01. Precious Jerusalem
03. Under The Ice
04. Sadly Sings Destiny
05. The Maiden And The Minstrel Knight
06. Wait For An Answer
07. The Soulforged
08. Age Of False Innocence
09. Punishment Divine
10. And Then There Was Silence
One of the most revered and respected power metal acts around, Germany's BLIND GUARDIAN have consistently produced albums that were as distinctive sounding as they were musically ambitious, and they have received nothing but praise from the metal community for their efforts—and justifiably so.
A band that is very much in control of its own destiny, BLIND GUARDIAN have always believed in overseeing every little detail of the way their music is made and recorded, and when the group finally built their own recording studio a few years back, it seemed like the perfect opportunity for them to focus on their art with minimal distractions or interferences from others.
A seemingly impeccable scenario, the above set-up has also given the group the green light to indulge in some heavy-duty experimentation, particularly in terms of how their music is recorded. As a result, the band have gone overboard in layering their material with unnecessary enhancements that sound impressively huge at first but quickly lose much of their effectiveness as the sea of backing vocals and epic-like musical sections render the material unlistenable in anything but small doses.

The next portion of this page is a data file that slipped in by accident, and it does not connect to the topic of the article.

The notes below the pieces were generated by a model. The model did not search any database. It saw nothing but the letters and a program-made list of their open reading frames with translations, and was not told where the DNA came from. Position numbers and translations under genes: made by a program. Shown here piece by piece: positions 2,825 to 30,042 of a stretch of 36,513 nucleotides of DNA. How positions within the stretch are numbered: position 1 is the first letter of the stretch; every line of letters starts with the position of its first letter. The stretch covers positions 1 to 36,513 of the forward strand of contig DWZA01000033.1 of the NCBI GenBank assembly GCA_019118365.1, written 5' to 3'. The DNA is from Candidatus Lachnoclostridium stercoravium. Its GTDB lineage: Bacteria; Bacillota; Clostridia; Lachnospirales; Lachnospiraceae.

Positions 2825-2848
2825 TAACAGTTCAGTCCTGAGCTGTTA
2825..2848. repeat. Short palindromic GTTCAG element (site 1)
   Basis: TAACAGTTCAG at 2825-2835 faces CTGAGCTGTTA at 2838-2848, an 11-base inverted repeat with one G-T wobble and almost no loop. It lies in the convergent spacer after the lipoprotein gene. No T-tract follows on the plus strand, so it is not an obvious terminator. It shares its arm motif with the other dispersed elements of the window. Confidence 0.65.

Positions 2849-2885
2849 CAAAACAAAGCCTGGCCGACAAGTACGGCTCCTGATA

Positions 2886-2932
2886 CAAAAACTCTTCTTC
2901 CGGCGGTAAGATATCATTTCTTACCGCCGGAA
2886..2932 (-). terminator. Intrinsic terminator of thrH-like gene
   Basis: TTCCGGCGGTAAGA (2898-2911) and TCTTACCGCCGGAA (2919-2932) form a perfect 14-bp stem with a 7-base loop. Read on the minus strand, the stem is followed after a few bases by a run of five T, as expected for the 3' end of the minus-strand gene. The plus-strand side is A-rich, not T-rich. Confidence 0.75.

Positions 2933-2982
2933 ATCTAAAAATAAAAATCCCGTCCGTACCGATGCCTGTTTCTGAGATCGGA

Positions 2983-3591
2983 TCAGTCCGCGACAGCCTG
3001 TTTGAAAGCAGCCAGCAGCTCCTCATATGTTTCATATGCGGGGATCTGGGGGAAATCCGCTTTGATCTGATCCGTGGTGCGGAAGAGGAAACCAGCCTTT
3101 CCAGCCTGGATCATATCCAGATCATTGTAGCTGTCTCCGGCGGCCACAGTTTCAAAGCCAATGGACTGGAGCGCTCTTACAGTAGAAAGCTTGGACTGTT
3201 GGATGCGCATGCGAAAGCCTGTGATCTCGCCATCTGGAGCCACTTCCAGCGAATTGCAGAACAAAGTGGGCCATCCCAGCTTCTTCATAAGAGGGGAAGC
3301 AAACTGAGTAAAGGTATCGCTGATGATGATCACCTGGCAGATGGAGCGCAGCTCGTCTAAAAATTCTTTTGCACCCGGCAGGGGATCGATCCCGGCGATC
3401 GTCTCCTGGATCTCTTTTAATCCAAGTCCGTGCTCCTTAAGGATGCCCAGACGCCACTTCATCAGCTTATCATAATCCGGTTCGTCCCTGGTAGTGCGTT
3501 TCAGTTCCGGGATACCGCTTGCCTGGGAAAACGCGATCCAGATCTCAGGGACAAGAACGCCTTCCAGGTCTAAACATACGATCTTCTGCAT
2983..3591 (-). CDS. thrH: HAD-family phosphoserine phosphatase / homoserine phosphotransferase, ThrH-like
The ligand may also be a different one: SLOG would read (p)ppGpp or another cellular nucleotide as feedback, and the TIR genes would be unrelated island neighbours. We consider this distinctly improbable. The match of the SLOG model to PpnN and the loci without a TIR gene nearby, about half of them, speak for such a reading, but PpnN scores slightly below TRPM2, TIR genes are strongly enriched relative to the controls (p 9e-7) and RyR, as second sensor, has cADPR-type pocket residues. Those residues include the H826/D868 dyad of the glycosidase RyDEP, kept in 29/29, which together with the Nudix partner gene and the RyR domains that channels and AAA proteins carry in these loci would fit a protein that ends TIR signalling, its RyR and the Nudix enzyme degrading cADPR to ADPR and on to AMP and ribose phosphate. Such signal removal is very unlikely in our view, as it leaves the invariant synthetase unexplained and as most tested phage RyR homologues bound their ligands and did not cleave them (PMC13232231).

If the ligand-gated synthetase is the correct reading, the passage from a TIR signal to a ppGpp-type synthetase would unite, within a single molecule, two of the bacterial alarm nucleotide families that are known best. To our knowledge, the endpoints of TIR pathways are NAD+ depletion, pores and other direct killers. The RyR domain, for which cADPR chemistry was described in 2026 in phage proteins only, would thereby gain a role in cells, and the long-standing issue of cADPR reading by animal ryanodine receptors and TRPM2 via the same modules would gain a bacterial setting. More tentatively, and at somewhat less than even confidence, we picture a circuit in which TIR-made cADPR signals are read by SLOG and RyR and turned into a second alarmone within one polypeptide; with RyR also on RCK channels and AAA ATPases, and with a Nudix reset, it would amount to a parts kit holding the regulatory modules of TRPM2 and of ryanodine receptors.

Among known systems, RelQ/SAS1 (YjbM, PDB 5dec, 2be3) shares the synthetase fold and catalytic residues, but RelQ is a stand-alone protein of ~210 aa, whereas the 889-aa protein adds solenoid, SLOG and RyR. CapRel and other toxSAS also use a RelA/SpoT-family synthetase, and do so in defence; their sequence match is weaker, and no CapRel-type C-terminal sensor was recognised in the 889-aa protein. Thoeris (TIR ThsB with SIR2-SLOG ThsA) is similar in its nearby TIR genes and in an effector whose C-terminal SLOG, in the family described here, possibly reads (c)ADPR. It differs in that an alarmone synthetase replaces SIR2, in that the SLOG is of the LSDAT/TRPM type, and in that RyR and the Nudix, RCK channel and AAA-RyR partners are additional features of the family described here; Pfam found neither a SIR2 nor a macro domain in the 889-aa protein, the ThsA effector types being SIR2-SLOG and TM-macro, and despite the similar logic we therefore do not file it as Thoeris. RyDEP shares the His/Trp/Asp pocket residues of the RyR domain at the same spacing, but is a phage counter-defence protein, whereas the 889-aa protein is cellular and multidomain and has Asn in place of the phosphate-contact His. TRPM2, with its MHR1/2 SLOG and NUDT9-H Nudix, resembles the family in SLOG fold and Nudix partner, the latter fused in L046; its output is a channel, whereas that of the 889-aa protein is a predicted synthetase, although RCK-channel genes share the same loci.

To the band's credit, BLIND GUARDIAN remain one of the most unique and original bands in the metal genre, and tracks like opener “Precious Jerusalem” and “Sadly Sings Destiny” are likely to be added to the list of the band's classic numbers that are destined to go down a storm in a live situation (assuming that the band can fully reproduce them on stage). Moreover, it's hard to fault A Night At The Opera's technical brilliance or the band's incredible musicianship, which has never been more stunning than it is on this effort.
While BLIND GUARDIAN may indeed have come up with heavy metal's answer to its QUEEN-produced namesake with their latest album, they have done so at the expense of their heavy rock appeal, which has been all but drowned out by the extraneous production trickery and over-the-top instrumentation.
As technically impressive as it is, A Night At The Opera is not an easy album to digest or sit through, and I, for one, hope that the band will return to a more basic format on their next release.